Main Tabs


Valtari Mystery Film Experiment

Ok, let's get meta for the end of the year.
That was my tweet on the 9th of December for the Sigur Rós Valtari mystery film experiment screening.  During that weekend of December 7-9, more than a hundred screenings of the project were taking place on all seven continents.  The screening for Montreal was at the more than awesome Phi Centre, where guests viewed 16 shorts inspired by the tracks on the band's latest album Valtari.

And the result? Let's discuss!
The premise was to give the filmmakers creative freedom.  Neither the band nor the filmmakers knew the content of anyone else projects. Knowing this, it is interesting to observe overall themes and imagery that came out of the shorts.

The album Valtari consists of 8 tracks, some of which were used as the sole guide to the video or two or three songs were compiled to create a longer piece.  The most dominant track was "varúð", which was featured in five of the videos.  Overall feel/conjured imagery: atmospheric is a given, moody, end of the world as we know it/economic collapse aesthetic.

Another dominant theme was nature (surprise!)  The sweeping sounds of Sigur Rós dares you not to conjure images of (Icelandic?) landscapes full of dollies and pans of forests and celestial montages.

The films varied in themes, styles and production values.  The music lends itself easily to dance/performance and is represented by 5-6 shorts in the series (depending on your personal interpretation.)

Two dance/performance pieces from top: film #7: varðeldur by melika bass and film #13: varðeldur by clare langan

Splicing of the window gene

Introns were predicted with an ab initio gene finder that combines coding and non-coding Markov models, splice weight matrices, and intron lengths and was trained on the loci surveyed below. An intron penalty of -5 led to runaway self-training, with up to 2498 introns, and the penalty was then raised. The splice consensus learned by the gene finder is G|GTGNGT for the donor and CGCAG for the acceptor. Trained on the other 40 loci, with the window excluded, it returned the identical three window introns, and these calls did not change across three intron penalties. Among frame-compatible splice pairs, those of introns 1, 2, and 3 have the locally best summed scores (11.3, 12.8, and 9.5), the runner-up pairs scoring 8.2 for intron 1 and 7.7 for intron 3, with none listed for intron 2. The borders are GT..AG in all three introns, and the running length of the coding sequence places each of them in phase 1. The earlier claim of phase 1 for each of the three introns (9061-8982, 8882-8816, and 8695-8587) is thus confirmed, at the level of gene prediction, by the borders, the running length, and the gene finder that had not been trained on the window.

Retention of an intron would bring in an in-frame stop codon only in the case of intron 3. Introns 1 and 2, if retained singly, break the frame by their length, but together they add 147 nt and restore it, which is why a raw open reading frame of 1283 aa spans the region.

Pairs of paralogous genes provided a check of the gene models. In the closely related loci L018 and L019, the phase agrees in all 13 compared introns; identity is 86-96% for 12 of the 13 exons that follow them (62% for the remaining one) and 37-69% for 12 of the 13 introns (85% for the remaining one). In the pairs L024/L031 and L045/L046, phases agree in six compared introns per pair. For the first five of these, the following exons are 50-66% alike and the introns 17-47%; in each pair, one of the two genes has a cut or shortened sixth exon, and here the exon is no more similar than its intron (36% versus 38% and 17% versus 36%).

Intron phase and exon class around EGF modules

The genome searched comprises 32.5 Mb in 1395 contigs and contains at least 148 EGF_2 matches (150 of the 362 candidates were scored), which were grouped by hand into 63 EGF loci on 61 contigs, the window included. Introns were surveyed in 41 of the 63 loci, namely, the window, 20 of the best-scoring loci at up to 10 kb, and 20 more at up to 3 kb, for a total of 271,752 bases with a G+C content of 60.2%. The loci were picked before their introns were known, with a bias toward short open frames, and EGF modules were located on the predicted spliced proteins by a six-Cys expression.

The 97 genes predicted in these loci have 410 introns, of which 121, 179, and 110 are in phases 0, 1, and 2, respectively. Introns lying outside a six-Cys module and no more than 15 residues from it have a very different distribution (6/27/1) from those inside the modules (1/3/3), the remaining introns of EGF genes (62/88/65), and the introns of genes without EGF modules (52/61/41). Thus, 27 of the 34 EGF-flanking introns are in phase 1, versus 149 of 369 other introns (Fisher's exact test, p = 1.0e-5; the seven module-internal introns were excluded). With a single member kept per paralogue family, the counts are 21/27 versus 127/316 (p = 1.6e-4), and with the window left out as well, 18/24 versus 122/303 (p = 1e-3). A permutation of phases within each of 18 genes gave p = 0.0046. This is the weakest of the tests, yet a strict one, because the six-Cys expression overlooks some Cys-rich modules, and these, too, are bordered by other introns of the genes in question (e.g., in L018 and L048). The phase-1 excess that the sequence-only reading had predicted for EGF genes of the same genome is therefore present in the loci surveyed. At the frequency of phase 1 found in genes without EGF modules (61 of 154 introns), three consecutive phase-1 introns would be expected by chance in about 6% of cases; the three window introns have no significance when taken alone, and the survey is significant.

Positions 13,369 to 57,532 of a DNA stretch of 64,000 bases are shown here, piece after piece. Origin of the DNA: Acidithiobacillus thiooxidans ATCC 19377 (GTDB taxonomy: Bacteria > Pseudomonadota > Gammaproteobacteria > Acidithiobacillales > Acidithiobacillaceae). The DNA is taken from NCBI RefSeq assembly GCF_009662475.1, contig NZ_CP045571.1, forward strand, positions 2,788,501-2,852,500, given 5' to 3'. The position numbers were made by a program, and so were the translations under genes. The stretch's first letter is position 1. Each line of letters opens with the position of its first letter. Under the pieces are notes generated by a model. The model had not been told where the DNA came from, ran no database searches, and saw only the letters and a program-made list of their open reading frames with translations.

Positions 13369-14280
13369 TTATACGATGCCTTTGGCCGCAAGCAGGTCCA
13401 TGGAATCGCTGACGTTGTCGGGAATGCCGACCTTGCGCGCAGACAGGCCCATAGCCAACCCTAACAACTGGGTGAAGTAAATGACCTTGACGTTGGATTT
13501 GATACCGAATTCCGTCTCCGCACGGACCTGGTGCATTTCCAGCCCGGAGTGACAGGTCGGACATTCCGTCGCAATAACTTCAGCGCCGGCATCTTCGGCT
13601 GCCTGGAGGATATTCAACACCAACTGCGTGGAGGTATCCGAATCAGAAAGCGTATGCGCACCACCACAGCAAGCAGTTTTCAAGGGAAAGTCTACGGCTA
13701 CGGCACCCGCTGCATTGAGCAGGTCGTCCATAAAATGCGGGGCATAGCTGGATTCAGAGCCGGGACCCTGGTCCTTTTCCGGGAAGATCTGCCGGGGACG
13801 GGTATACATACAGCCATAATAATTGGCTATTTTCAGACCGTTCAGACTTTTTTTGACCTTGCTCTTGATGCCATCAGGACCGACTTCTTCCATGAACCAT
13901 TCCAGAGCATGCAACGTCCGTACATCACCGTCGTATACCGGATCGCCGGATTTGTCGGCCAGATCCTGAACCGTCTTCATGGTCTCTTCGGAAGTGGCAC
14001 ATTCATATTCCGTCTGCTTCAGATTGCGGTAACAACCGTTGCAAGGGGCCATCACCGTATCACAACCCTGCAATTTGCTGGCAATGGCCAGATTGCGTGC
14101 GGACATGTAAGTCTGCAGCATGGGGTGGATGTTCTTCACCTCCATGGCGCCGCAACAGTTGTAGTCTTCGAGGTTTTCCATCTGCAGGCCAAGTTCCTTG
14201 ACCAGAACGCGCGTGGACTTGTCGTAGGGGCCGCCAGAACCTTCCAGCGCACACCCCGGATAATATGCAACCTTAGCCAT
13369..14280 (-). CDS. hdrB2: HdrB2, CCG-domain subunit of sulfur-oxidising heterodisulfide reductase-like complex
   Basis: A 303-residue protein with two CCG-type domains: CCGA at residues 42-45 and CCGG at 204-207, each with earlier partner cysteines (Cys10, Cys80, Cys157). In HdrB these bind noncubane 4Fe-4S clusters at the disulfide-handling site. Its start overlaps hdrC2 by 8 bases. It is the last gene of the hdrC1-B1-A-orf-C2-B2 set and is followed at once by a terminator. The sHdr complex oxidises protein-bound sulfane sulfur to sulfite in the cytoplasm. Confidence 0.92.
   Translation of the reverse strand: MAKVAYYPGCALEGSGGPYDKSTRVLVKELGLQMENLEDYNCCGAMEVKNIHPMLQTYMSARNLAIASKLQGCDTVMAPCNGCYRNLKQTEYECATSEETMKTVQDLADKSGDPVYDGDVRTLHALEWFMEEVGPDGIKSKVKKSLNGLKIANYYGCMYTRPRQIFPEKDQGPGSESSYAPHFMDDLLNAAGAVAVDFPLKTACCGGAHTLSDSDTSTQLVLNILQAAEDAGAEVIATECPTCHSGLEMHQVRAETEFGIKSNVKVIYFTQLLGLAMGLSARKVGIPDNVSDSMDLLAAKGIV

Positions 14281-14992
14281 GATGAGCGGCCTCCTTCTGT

But things start getting tricky when a narrative is applied; such as leaning towards solace by Floria Sigismondi.  Being a fan of her work since the nineties, I was surprised at the heavy handed voice-over and certain clichéd imagery.  The video featured Elle Fanning and John Hawkes; two actors whose faces and expressions I could stare at for hours, but with the already emotional Sigur Rós track, the extra maudlin touches lacked subtlety that could have taken the clip to the next level.

Floria was not alone in the heavy narrative catagory, but somehow film #9: seraph by Dash Shaw and John Cameron Mitchell fared a bit better.  Maybe because it was an animation.  You be the judge.

But enough with being critical- let's talk about coincidences!  As mentioned earlier, there was no conferring between the directors or the band.
The carving/drawing with glass and making eyes.
Seen in film #3 fjögur píanó by alma har'el and film #9, mentioned above.

Removing peeling paint from walls
seen from top: film #15: varúð by björn flóki and film #14: valtari by christian larson

People crying (even in the same aspect ratio!)
from top: film #4: rembihnútur by arni & kinski and film #3: fjögur píanó by alma har'el and yes that is Shia Leboeuf getting all performance art on us.

There is also blonde haired girls with gemstones glued to the corner of thier eyes, plenty of animals, New York City, and snowfall/rainfall. But please feel free to treasure hunt for those yourselves!

I'll take this moment to mention one of my personal faves, a short that features a body covered in what looks like gooey marshmallow, shot in negative?

That's it for me! Wishing you lots of food, art, film and fashion awesomeness in the new year!


Arielle de Pinto Holiday Sale

During the gift-giving season Arielle de Pinto went and had a series of holiday sales in TO, NYC and MTL, yo.  Only having finally recently acquired jewelery from this awesome designer, I thought why not add my own piece of merry ho ho to my imaginary christmas stocking.  Cheque book in hand, off I went.